By Bruce Penton
Real live, organized scheduled professional sports returns this week as the PGA Tour holds its breath — along with the rest of the sporting world — by conducting the Charles Schwab Challenge at Colonial Country Club in Texas.
The 72-hole tournament marks North American sports’ first foray back to pseudo normalcy since mid-March, although not much about how this tournament will be conducted will be normal.
There will be no fans strolling the grounds, urging golf balls to “get in the hole” and no roars of appreciation for 45-foot putts that curl into the cup. There will be elbow bumps and a few ‘air fives’ but little in the way of human contact.
Players will be urged to stay in one of four approved hotels, although they may stay in a rental home or at a friend’s house if proper cleansing precautions have been taken. Testing will be frequent and food at the course will be limited to the ‘grab-and-go’ variety.
The PGA Tour has been inactive since the completion of the first round of the Players Championship in Florida on March 12, the day the entire sports world came to a screeching halt. Hideki Matsuyama fired an opening 63, nine under par, for a two-stroke lead and Canada’s Corey Conners was well positioned after a four-under 68. But that night, the sports world went dark and now, almost three months later, a return is being attempted.
All professional sports organizations will be watching closely. The NHL has announced a format to return to play this summer with the plan to declare a Stanley Cup champion who-knows-when. The NBA also hopes to return to some sort of resumption of play.
Worst-case scenario, of course, would be for a couple of golfers this week, a caddie or two, and perhaps a television technician, to test positive at the course. That will give Commissioner Jay Monahan pause, and the experiment may end about as abruptly as it did back in March.
Best-case scenario, on the other hand, is that all the safety and pre-testing precautions work as planned, and that the tournament is completed without a hitch.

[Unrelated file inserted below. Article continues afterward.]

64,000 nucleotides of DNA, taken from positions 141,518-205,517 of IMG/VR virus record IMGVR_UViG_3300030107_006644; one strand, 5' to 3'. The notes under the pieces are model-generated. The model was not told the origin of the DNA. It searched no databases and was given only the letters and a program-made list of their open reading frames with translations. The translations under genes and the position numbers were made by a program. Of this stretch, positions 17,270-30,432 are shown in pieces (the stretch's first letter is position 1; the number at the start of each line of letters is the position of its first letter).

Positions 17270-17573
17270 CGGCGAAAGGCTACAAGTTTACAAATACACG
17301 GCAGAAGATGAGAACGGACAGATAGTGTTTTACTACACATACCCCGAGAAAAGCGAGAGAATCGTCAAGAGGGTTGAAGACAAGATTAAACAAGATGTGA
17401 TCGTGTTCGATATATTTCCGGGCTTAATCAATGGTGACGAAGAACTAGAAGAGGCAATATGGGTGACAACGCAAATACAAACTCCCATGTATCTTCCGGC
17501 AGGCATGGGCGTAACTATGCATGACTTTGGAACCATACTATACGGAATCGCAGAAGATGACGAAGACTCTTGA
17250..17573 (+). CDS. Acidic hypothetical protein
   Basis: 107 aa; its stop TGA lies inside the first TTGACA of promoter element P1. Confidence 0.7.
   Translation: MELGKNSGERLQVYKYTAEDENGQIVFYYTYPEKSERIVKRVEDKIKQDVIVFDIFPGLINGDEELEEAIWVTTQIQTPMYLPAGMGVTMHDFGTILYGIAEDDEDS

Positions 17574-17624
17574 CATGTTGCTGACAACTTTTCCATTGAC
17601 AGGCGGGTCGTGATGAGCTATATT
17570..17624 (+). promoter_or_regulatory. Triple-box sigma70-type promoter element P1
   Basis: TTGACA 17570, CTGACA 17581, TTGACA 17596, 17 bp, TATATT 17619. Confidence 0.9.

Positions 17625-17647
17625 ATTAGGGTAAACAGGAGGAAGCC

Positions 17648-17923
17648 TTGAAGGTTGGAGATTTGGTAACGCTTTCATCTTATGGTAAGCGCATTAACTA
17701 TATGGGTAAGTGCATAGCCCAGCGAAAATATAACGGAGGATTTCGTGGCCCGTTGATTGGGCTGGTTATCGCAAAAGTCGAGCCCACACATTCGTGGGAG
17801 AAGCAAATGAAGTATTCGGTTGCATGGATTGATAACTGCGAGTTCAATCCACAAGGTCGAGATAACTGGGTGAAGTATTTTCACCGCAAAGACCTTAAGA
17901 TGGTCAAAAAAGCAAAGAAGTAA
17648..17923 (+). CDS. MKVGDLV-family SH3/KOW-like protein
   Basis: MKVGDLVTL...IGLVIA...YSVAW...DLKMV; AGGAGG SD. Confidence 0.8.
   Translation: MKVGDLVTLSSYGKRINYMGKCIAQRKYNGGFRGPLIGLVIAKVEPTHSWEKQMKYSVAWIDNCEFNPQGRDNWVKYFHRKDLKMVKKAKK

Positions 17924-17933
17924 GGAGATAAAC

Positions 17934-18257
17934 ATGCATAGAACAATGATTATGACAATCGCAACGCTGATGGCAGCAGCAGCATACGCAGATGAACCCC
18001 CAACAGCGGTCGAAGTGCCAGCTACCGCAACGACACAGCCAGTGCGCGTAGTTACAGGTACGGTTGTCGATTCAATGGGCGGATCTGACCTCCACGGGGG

Sports fans everywhere are hoping for the latter — that nothing goes wrong and pro athletes get to show off their skills once again. Golf, MLB, the CFL, NFL and soccer are in the midst of, or the start of, their seasons, so resumption makes sense. NHL and NBA are two organizations that should cancel their plans to resume.
Meanwhile, the eyes of the sporting world will be on Fort Worth, Texas this week. The clubs will be swinging, golf balls will be flying and fingers will be crossing.
• Patti Dawn Swansson, aka the River City Renegade, on Lars-Erik Sjoberg not being named one of the defencemen on the Jets’ all-time roster, as chosen by TSN, instead naming him the team’s ‘foundational’ player: “That’s like giving Jesus Christ a participation badge for showing up at the Last Supper.”
• Swansson again, on the overall work by the TSN voting panel: “Their gaffes were as big as Ondrej Pavelec’s five-hole.”
• Headline at theonion.com: “Slideshow: 11 greatest sports moments made possible by PEDs.”
• Comedy guy Brad Dickson of Omaha: “The former kicker for LSU is transferring to Nebraska. OK, now we HAVE to play football this fall.”
• Comedy writer Eric Stangel on Twitter: “Michael Jordan just saw there’s a Lance Armstrong documentary in his usual spot, and out of anger just went to Lance’s house and scored 54 points on him.”
• Charles Barkley, one of the analysts on The Match: Champions for Charity and a famously terrible golfer, after watching Tom Brady struggle off the tee: “(Brady’s) last three tee shots — woods, cart path, water. What’s wrong with that?”
• Shannon Szabados on Twitter: “Happy the NHL will be back, but without fans how do we expect players to know when to shoot the puck? How will opposing goalies know they suck?”
• RJ Currie of sportsdeke.com: “A British schoolboy told Reuters he had no idea how a fox ended up in his bed. ‘See?’ said Tiger Woods.”
• Headline in theonion.com: “NFL Reminds Black Coaches They’ll Get Their Chance Once League Runs Out Of Grudens And Shanahans”
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